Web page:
LOS ANGELES — Robert Durst, the multimillionaire real estate heir who seemed to confess to three murders on the HBO documentary The Jinx, was sentenced Thursday to life in prison without the possibility of parole for murdering his friend Susan Berman in 2000.
Durst, now 78 and in poor health, was found guilty of murder on Sept. 17 as well as lying in wait and killing a witness, “special circumstances” that mandate the harshest possible sentence. (California has a moratorium on the death penalty.)
By finding the special circumstance regarding killing a witness true, the jury signaled that they believed prosecutors’ arguments that Durst had also killed his first wife, Kathleen McCormack Durst, in 1982. At trial, prosecutors argued that Durst gunned down Berman because she had helped him cover up the earlier killing, and Durst believed she was about to implicate him to police. Kathie Durst’s body has never been found.
In emotional victim impact statements, Berman’s family talked about their devastation after her death, defended her character, and praised her loyalty — while pleading with Durst to tell the McCormack family what happened to Kathie Durst and where they could find her body.
Davey Berman, Susan Berman’s 79-year-old cousin — whose family she had lived with after the death of her father, a famous Las Vegas mobster — broke down sobbing in court when he talked about the “special bond” he shared with his cousin. He said Durst “should let us know where Kathie’s body is so her family could get some closure.”
Sareb Kaufman, who with his sister was raised by Berman and referred to her as his mother, pushed back against how Durst’s attorneys had portrayed her during the trial.
“She was not lazy or conniving or a gold digger,” Kaufman said. “Because of Robert Durst and a deep love and sense of protection for her family, she made a mistake.”
Kaufman had discovered critical evidence that was featured prominently in The Jinx. An envelope addressed by Durst and saved by Berman was a virtual duplicate of the “cadaver note” envelope, which first alerted police that Berman had been killed. Both misspelled “Beverly Hills” with an extra “e,” and filmmaker Andrew Jarecki confronted Durst with them in the Jinx’s shocking finale. Moments later, Durst said he “killed them all” as he mumbled to himself in a bathroom.
“I was fortunate to finally solve Susan Berman’s murder,” Kaufman said on Thursday.
But neither that triumph nor Durst’s conviction can make up for what he’s lost, he said.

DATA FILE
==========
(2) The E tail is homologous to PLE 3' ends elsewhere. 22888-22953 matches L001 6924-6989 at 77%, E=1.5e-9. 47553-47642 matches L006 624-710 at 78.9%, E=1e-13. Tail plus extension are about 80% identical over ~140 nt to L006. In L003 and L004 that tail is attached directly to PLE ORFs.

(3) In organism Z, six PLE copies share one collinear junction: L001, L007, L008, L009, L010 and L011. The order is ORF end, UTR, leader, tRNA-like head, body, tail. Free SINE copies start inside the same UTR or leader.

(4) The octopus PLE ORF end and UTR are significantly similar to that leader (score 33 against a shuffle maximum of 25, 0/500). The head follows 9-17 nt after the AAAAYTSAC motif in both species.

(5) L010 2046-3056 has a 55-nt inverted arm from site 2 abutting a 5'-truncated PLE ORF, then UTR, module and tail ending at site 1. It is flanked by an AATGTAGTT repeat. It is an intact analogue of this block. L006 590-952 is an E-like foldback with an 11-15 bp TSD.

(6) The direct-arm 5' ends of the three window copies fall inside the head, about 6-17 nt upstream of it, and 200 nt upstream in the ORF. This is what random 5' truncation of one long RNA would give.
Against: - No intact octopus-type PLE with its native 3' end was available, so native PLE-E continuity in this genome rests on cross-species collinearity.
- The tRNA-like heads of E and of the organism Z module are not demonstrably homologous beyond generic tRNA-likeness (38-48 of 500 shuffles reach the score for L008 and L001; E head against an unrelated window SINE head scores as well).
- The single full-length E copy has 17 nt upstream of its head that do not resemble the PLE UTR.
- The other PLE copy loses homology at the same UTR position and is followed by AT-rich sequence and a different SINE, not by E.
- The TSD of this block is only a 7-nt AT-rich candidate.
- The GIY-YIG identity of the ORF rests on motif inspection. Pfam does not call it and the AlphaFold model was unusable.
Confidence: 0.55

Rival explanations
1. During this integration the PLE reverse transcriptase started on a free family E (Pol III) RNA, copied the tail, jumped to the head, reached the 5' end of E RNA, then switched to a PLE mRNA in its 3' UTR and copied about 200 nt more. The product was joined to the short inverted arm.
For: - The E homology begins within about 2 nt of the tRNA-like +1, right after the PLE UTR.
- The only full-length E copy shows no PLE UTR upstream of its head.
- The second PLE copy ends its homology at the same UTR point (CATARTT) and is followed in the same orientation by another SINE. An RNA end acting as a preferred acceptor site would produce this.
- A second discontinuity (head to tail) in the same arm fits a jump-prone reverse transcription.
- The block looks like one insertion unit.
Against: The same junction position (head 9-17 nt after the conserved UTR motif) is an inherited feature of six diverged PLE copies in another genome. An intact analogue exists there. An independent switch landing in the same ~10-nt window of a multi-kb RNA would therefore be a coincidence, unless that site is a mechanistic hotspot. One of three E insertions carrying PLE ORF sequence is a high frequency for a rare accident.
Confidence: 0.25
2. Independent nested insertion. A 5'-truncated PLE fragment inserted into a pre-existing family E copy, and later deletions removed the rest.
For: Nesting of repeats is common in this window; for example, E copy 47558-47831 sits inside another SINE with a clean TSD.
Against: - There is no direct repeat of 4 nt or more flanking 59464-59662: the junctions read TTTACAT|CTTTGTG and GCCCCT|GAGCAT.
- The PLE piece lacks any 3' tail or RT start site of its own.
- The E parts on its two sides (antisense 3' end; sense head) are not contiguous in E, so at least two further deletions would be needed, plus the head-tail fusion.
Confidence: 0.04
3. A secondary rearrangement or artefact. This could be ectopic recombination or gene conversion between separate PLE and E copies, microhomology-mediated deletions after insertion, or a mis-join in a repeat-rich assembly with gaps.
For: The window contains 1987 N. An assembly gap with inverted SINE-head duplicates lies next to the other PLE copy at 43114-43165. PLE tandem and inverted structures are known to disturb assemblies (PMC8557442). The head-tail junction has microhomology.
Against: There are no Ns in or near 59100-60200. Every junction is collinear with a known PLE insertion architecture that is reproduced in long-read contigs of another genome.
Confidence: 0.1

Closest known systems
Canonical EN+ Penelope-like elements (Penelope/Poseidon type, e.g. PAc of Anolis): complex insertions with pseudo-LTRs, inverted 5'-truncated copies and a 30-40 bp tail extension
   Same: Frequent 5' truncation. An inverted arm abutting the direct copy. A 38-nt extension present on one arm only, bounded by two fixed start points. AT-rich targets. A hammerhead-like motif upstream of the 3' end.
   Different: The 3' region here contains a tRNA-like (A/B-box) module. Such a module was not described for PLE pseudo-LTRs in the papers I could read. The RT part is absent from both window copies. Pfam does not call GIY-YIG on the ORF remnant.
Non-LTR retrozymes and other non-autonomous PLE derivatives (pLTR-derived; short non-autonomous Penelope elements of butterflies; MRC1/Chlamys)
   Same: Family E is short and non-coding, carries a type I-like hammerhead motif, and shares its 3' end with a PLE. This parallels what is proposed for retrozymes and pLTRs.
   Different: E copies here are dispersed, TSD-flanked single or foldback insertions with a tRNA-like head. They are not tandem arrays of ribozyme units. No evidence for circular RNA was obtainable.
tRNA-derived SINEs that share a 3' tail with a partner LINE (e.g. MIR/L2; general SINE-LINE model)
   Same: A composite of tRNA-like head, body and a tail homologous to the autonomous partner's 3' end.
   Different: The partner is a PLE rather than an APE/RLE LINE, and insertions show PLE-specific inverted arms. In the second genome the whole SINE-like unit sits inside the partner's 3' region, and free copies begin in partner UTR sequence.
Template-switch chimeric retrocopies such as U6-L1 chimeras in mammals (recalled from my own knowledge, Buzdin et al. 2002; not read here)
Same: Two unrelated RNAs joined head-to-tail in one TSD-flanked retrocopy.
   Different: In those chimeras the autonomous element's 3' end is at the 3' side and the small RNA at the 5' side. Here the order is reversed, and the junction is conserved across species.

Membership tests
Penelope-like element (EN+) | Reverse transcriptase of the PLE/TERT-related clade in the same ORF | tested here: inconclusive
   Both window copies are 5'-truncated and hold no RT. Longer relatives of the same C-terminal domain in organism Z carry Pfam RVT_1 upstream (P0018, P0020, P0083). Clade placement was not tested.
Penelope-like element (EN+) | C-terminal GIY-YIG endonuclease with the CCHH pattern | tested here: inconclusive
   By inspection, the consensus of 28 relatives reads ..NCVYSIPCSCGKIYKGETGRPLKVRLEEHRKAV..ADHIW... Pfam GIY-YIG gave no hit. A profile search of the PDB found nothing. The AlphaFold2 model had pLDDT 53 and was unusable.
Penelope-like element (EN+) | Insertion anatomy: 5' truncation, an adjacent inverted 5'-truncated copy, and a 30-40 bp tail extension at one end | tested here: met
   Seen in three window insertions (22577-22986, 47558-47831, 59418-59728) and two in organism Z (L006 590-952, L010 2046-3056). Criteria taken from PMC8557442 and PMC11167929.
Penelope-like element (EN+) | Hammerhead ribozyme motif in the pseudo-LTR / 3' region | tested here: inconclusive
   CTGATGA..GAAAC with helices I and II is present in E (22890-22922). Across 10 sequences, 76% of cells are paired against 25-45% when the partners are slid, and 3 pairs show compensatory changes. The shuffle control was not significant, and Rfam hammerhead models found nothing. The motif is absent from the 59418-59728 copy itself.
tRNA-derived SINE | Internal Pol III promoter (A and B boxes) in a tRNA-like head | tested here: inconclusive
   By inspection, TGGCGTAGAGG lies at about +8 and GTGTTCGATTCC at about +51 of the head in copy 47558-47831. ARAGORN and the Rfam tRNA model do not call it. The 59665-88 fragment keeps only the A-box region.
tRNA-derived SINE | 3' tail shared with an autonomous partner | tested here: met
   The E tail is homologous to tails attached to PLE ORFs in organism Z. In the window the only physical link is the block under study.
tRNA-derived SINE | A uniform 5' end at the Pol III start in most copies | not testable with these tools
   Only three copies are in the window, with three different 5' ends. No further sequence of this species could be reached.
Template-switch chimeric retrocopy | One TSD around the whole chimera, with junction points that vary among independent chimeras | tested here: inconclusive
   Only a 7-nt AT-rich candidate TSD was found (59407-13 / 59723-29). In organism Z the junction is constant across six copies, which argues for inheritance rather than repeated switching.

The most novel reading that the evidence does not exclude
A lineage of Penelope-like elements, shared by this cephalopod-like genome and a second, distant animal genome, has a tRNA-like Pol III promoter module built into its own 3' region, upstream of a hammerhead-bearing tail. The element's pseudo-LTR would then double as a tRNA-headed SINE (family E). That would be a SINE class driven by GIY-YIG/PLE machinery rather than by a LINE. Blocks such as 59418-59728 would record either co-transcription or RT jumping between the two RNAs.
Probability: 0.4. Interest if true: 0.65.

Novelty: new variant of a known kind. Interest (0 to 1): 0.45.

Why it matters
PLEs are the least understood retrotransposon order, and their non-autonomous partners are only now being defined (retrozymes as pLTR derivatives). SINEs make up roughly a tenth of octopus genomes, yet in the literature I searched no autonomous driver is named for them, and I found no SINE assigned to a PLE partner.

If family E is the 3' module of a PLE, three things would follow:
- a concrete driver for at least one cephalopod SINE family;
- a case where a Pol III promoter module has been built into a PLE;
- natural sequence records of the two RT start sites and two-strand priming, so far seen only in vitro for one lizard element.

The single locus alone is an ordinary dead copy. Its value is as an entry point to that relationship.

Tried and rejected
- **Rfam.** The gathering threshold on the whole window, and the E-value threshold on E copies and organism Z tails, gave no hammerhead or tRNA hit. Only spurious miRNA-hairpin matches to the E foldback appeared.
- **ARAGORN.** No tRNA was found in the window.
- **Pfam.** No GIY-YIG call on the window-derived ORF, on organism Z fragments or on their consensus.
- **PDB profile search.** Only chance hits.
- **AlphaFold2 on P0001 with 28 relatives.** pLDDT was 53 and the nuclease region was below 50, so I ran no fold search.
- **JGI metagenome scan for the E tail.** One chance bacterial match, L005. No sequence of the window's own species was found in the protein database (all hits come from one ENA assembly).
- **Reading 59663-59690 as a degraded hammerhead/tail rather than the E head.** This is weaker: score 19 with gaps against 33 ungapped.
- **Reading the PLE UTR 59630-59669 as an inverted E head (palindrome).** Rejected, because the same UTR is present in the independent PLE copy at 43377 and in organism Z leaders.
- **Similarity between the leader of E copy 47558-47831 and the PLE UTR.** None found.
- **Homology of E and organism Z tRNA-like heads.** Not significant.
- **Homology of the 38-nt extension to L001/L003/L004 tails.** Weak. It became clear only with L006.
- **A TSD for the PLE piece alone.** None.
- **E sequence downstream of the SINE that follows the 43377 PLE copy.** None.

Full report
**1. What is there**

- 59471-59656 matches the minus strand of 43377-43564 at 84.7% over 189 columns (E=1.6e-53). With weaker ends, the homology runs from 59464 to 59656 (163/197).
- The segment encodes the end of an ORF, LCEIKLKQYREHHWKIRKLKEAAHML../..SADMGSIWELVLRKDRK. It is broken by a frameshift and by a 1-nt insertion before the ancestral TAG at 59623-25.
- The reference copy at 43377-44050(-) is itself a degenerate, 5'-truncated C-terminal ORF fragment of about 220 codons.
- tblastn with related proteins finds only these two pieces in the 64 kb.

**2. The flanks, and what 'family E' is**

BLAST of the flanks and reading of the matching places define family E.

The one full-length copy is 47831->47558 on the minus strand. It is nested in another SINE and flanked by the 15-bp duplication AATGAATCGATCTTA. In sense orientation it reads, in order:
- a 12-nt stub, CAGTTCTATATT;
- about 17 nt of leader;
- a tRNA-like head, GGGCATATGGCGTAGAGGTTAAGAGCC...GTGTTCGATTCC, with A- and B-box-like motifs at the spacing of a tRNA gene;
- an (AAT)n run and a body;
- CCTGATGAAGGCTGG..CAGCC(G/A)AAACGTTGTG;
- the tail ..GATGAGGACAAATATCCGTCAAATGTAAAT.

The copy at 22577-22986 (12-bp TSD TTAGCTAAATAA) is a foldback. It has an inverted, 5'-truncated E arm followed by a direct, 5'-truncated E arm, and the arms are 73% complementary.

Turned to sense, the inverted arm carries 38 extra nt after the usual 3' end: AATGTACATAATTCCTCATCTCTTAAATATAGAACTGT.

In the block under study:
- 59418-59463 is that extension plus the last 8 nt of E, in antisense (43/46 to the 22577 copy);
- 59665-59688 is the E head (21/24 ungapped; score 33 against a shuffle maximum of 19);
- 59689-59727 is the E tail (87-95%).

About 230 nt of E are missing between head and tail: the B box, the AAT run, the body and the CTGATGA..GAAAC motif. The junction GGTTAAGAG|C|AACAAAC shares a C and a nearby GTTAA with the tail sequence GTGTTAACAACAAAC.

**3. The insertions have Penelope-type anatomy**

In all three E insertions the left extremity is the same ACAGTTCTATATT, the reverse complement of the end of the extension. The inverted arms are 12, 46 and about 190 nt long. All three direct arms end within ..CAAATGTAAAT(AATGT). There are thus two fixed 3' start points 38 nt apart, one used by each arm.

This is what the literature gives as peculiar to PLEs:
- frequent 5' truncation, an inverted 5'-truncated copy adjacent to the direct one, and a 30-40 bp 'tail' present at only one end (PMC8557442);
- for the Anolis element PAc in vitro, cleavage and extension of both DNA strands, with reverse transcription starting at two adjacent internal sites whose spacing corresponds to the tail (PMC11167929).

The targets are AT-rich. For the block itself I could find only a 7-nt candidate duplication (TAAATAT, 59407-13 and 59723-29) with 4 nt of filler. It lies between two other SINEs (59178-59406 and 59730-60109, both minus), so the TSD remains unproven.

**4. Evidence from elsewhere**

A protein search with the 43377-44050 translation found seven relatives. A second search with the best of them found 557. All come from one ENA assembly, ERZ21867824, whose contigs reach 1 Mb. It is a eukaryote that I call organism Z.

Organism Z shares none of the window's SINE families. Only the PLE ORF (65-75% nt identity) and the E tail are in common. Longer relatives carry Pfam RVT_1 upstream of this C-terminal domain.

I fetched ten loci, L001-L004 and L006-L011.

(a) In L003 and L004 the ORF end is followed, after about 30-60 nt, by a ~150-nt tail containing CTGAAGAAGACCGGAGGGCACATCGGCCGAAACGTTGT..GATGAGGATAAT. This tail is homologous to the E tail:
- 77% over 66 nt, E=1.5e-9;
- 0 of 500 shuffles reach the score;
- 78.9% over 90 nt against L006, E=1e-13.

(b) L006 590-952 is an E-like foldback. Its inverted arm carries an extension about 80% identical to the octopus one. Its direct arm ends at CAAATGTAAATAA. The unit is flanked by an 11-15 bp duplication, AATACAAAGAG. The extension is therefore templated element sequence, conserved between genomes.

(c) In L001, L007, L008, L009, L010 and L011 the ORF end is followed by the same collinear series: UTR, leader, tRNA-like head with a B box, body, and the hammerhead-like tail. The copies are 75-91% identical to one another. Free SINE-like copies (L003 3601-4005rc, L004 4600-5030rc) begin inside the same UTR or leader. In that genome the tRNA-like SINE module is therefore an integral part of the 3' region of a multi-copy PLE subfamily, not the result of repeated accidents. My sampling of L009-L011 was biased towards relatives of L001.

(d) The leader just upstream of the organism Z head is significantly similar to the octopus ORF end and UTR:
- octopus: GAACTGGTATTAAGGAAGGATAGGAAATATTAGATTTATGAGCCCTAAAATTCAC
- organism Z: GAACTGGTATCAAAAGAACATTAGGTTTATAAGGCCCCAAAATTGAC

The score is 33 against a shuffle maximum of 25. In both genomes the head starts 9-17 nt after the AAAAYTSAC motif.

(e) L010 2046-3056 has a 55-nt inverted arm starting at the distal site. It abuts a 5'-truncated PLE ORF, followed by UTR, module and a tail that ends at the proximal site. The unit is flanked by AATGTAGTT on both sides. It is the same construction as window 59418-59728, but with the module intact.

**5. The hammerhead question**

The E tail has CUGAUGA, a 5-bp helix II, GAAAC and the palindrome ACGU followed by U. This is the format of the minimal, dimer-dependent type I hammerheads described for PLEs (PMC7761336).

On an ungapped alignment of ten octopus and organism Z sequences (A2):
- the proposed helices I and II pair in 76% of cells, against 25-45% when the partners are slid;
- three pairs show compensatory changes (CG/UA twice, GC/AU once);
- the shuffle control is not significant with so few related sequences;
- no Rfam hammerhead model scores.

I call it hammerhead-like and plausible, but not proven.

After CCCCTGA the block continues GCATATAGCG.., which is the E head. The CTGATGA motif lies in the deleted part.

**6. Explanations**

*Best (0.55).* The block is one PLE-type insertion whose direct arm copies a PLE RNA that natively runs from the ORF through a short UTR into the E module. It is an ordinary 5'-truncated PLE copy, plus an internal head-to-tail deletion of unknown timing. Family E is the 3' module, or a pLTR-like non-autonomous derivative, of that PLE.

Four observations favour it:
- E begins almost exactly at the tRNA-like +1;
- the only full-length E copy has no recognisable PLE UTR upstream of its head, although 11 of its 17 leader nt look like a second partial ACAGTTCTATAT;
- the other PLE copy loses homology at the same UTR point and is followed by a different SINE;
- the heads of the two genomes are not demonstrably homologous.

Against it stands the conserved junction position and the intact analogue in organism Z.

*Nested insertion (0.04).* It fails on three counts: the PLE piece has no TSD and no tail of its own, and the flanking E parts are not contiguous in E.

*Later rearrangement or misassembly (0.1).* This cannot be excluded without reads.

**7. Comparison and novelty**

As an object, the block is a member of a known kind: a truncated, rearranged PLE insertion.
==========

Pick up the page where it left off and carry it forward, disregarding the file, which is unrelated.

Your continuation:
“I can’t describe the PTSD or nervous breakdowns I’m still trying to recover from,” Kaufman said, adding that since Berman’s murder, his life has been a nightmare.
“You didn’t just murder Kathie, or Morris, or Susan,” Kaufman said. “You also murdered me.”
Though Durst was not charged in her death, much of the trial had focused on Kathie Durst and her disappearance. Durst’s defense aggressively victim-shamed her, portraying her without evidence as a promiscuous social climber whose drug problem was causing her to flunk out of medical school. Her family, friends, colleagues, and neighbors, however, said she was a victim of domestic violence and was terrified that Durst was going to kill her. Even Durst himself admitted assaulting her.
In spite of the prominence of her story in the trial, her family members were not allowed to address the court with victim impact statements. An attorney for the family has said it is outrageous that the McCormacks were denied a chance to confront Durst in court after decades without justice, the LA Times reported. “I know I did not hear from the McCormack family,” Judge Mark Windham acknowledged after handing down the sentence, but he added, “I just wish you peace going forward from this.”
Durst previously beat a murder charge in the death of Morris Black, his neighbor in Galveston, Texas. Despite Durst’s admission that he had killed the 71-year-old and dismembered his body in September 2001, a jury acquitted him based on an argument of self-defense.
In 2015, The Jinx brought renewed attention to his crimes. Durst was arrested in New Orleans the day before the finale, and he’s remained in jail since. He was extradited to LA in November 2016 and has been housed in a medical ward at the Twin Towers Correctional Facility in downtown LA, which houses incarcerated people with medical issues. Because he had been exposed to someone with COVID, Durst was in isolation and was not in court when the verdict was read last month.
Durst never expected to live as long as he has. In a March 2015 jailhouse interview with prosecutor John Lewin in New Orleans — the day the Jinx finale aired — Durst said his doctors told him he had five years to live. He’s beaten that estimate by more than a year, and while his attorneys have said they'll file an appeal, Thursday’s sentencing all but ensures he’ll be spending his final days in custody.
“Mr. Durst is almost certainly never going to see the light of day,” Lewin said in closing remarks on Thursday, adding he hopes that Durst finally does something “selfless” and admits what he did to his first wife.
Kaufman echoed that hope, describing it as the only thing of value Durst could do before his death.
“In telling where Kathie is,” he said, “you can find some small redemption.”
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